The Minister of Labour yesterday warned factory owners around the country that they would face legal action if large groups of workers faint during working hours within their enterprises.
The warning followed the fainting of nearly 200 workers in Takeo province on Wednesday.
Ith Samheng said yesterday he would change work safety laws to make sure this does not keep happening.
“This is a problem we need to solve now. I want to ask all factories to take action to prevent this issue from happening again,” he said. “Some buyers I met wondered why many Cambodian workers faint in factories, while it rarely happens in other countries.”
Mr Samheng said that the Occupational Health and Safety Department of the Labour Ministry has to create a new law to battle fainting.
The minister said factories should create technical working groups to check workplaces prior to the workers’ shift to ensure the environment is safe.
“Factories have to comply: if the information spreads about their workers fainting, it is something potential buyers will consider. It also affects production,” he said.
Ath Thorn, president of the Cambodian Labour Confederation, said that companies have to follow government instructions and strengthen safety and healthcare for workers.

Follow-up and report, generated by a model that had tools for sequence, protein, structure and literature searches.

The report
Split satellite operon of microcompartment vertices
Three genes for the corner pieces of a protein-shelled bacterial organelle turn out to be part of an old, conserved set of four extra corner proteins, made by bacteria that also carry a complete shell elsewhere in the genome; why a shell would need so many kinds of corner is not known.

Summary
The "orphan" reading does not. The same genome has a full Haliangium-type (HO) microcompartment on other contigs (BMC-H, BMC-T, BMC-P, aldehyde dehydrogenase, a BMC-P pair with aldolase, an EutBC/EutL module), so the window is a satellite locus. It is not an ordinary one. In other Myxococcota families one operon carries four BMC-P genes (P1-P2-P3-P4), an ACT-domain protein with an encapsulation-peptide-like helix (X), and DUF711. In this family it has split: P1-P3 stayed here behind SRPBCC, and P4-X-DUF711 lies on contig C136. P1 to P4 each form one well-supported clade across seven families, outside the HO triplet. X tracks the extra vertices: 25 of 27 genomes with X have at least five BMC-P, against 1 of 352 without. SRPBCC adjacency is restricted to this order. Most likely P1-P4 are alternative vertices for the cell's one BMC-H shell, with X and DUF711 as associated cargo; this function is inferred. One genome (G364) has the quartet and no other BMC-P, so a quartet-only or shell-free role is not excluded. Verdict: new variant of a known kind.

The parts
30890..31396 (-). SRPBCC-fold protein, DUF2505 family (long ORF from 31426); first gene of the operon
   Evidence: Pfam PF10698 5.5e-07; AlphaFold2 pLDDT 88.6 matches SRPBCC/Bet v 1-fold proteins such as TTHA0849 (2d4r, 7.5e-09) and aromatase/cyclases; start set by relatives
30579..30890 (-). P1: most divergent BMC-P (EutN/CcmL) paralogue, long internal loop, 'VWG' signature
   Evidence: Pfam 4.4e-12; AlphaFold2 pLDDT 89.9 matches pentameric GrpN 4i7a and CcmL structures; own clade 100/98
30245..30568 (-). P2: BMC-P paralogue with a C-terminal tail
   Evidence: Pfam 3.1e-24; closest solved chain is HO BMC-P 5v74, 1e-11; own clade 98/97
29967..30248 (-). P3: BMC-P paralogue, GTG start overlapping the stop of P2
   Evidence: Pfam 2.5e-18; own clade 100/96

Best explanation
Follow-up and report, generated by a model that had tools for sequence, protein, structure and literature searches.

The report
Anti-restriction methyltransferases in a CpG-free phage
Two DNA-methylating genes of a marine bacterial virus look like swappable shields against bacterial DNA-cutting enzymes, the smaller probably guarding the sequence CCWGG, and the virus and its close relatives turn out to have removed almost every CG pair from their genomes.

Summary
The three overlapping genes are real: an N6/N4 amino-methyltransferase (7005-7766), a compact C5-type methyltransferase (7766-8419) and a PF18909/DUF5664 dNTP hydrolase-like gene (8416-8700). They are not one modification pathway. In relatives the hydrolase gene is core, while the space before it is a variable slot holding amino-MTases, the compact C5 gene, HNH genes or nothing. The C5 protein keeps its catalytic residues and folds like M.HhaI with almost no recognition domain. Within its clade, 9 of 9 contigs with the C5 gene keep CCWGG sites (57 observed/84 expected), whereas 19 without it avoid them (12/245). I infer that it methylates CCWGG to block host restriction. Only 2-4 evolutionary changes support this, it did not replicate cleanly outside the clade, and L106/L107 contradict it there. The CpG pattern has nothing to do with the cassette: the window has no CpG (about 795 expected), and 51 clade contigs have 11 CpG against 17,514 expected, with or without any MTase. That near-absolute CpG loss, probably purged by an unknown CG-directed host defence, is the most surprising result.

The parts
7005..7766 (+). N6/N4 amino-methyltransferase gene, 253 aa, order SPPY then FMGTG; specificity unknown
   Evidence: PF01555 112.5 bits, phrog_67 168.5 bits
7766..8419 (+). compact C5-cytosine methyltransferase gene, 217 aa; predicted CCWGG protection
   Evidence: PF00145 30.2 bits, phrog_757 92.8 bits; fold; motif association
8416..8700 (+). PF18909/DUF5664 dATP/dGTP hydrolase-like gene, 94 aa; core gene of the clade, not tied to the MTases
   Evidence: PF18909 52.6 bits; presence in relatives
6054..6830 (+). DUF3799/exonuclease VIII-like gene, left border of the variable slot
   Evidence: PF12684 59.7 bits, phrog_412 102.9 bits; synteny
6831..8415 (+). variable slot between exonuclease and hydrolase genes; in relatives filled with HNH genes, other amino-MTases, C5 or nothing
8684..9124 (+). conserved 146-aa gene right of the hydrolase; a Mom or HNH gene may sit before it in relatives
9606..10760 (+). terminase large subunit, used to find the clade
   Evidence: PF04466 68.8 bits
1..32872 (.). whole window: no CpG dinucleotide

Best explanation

“The state, especially inspection officials, paid little attention to this problem and did not punish factory owners,” Mr Thorn said. “It’s not only the Ministry of Labour: the Ministry of Environment or any relevant ministries were careless by letting companies use hazardous chemical liquids.”
Mr Thorn praised the measure, and said that if it were truly implemented as instructed by the minister it would improve working conditions and safety significantly.
Kaing Monika, Garment Manufacturers Association of Cambodia deputy secretary general, said the association has long been an active member of the ministry Committee for the Study and Prevention of Fainting Incidents.
We together with a committee have conducted a lot of Occupational Health and safety training for the factory workers.
“We have conducted a lot of occupational health and safety training for factory workers,” he said. “For all fainting cases, we visited the factory to determine the causes of the incident, and instruct the factory to take action should there be shortcomings on its side.”